Another high-level aspect of MOS environments is the automatic placement of implants. In nMOS, this simply means that the depletion transistor includes the depletion-implant layer as part of its description. In CMOS however, all diffusion activity takes place in substrate or well implants, so all the transistors, diffusion wires, diffusion contacts, and diffusion pins must include implant information. Thus there are two sets of these components, one for each implant, and the correct version must always be used. Given this feature, the designer is able to work without consideration for implant placement because there is always enough of it automatically placed to encapsulate the circuitry properly.
The bipolar environments are significantly different from MOS environments, even though they are all for IC layout. Rather than having a few geometries for the simple field-effect transistor, it is necessary to provide total flexibility in the layout of junction transistors by allowing arbitrarily shaped bases, emitters, and collectors. Thus there are three primitives that combine to form a transistor. These primitives are complex since they describe the many bipolar layers necessary for base, emitter, and collector construction. There are also contacts and vias that make connections between conducting layers.
The schematic-capture environment contains the necessary components for digital and analog diagrams of circuits. On the digital side there are the logic gates AND, OR, XOR, Flip-Flop, and Buffer, all of which can be customized to handle any number of inputs and negate any signal. Negation is accomplished by placing an inverting bubble on the connecting wire rather than on the component. To the designer, this provides sufficient flexibility for the specification of negation and significantly reduces the number of primitives. In the database, there is simply a negating bit set on the wire, which makes the code for extracting logic somewhat more complex although not unmanageable. The Flip-Flop can be parameterized in its triggering (master-slave, positive, or negative) and in its function (RS type, JK type, D type, and so on). The Buffer primitive, when negated, becomes an inverter and can also have an enable line on it.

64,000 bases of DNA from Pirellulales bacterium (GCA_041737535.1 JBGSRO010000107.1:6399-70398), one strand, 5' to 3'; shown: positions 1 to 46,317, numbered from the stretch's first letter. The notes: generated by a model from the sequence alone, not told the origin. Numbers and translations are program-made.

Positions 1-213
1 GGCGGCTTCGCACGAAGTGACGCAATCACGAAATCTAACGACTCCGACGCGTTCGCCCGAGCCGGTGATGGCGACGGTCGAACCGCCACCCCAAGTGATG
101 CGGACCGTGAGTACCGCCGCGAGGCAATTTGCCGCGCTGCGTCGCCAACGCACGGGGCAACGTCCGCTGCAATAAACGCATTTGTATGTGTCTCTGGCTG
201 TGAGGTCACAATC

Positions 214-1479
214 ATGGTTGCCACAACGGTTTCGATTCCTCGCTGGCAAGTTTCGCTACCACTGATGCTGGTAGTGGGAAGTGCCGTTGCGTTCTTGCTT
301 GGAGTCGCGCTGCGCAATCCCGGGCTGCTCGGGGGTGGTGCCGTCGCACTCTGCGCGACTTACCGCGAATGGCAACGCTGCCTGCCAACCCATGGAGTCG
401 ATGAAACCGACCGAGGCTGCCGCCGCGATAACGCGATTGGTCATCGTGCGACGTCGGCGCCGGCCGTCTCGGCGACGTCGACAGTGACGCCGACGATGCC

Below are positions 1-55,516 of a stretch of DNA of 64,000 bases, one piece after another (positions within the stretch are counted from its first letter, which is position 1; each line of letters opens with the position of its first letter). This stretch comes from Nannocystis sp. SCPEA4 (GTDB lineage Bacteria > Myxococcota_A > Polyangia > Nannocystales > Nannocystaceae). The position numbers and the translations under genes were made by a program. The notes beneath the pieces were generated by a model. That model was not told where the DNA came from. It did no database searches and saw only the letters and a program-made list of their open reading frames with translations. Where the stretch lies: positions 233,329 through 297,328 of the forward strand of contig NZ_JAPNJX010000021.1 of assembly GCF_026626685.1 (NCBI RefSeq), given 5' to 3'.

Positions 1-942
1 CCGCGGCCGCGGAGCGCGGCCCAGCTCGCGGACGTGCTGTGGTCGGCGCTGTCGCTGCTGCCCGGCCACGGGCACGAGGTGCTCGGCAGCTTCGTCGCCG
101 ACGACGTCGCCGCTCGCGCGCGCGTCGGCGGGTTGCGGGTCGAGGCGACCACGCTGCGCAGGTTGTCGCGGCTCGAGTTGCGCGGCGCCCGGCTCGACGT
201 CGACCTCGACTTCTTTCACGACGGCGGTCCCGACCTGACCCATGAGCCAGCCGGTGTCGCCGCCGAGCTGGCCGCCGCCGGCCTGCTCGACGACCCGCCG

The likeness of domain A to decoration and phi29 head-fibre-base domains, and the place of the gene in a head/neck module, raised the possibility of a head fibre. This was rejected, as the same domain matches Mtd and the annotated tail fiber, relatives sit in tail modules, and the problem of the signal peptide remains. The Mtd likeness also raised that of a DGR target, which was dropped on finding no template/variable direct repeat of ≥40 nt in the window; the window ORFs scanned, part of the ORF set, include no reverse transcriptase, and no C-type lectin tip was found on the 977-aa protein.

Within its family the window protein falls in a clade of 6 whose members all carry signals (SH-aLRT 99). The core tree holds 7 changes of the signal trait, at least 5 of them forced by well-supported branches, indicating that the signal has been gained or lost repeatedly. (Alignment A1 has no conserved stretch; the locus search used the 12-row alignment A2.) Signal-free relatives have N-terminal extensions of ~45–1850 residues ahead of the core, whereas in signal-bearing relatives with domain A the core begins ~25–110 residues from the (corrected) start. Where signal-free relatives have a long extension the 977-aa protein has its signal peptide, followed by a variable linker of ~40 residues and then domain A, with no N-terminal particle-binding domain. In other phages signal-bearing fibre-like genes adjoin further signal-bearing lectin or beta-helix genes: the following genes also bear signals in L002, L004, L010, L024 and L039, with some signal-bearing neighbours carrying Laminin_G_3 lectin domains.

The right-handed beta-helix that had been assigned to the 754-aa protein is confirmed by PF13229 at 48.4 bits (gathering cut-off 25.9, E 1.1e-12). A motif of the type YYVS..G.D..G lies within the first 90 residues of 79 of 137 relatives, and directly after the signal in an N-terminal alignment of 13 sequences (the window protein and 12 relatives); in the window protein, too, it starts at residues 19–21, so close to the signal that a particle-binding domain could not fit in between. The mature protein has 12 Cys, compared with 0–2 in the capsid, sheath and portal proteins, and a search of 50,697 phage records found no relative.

Analog components are provided in the schematics environment and can connect freely with the digital primitives. Included in this set is the Transistor (n-type, d-type, p-type, pnp, npn, JFET, MESFET, or dual-emitter), Resistor, Capacitor, Inductor, and Diode. All components can be parameterized with ratios and other relevant values.
There are some miscellaneous primitives useful in all schematic design. The Black-Box can contain any function and connect arbitrarily. The Power, Ground, Source, and Meter primitives are similarly general and can be used in simulation to indicate input and output graphically. Finally, an Off-Page connector is provided for network continuity between cells of the circuit. For truly unusual symbols, users can sketch their own bodies using the artwork environment described next.
The schematic-capture environment also provides buses and bus taps for aggregating signals. Although the logic gates can accept buses, it is up to the various analysis and synthesis tools to handle this correctly and ensure that the signal counts are sensible. Individual network naming is available from the network-maintainer tool described later.
As an exercise in expanding the power of Electric, some nonelectrical environments were created. The most interesting is the artwork environment, which contains graphic primitives for arbitrary image creation. Not only is this useful for the generation of sketches, but also it can augment VLSI design by adding artwork to layout or by defining new graphic symbols. This environment is so powerful that it was used to generate all the figures in this book. The availability of a general-purpose drawing facility also allows the simulators to represent waveform plots in the database.
The bulk of the graphics in the artwork environment is done with primitive components that appear as polygons, text, circles, arrowheads, and so on. There are also wires that can draw lines and curves but, in general, the notion of connectivity is less important to a sketching system.
When the artwork environment is used, many of the user interface settings must be changed because the command set for VLSI design is not the same as that is needed for sketching. This argument is also true for the distinction between layout and schematics: No two design environments can conveniently share exactly the same set of commands for their use. Thus, for each environment that is not standard VLSI layout, there is a command file that retailors the user interface for the best use. This file changes defaults, rearranges menus, and creates new commands appropriate to the different style of design.
|Previous||Table of Contents||Next||Static Free Software|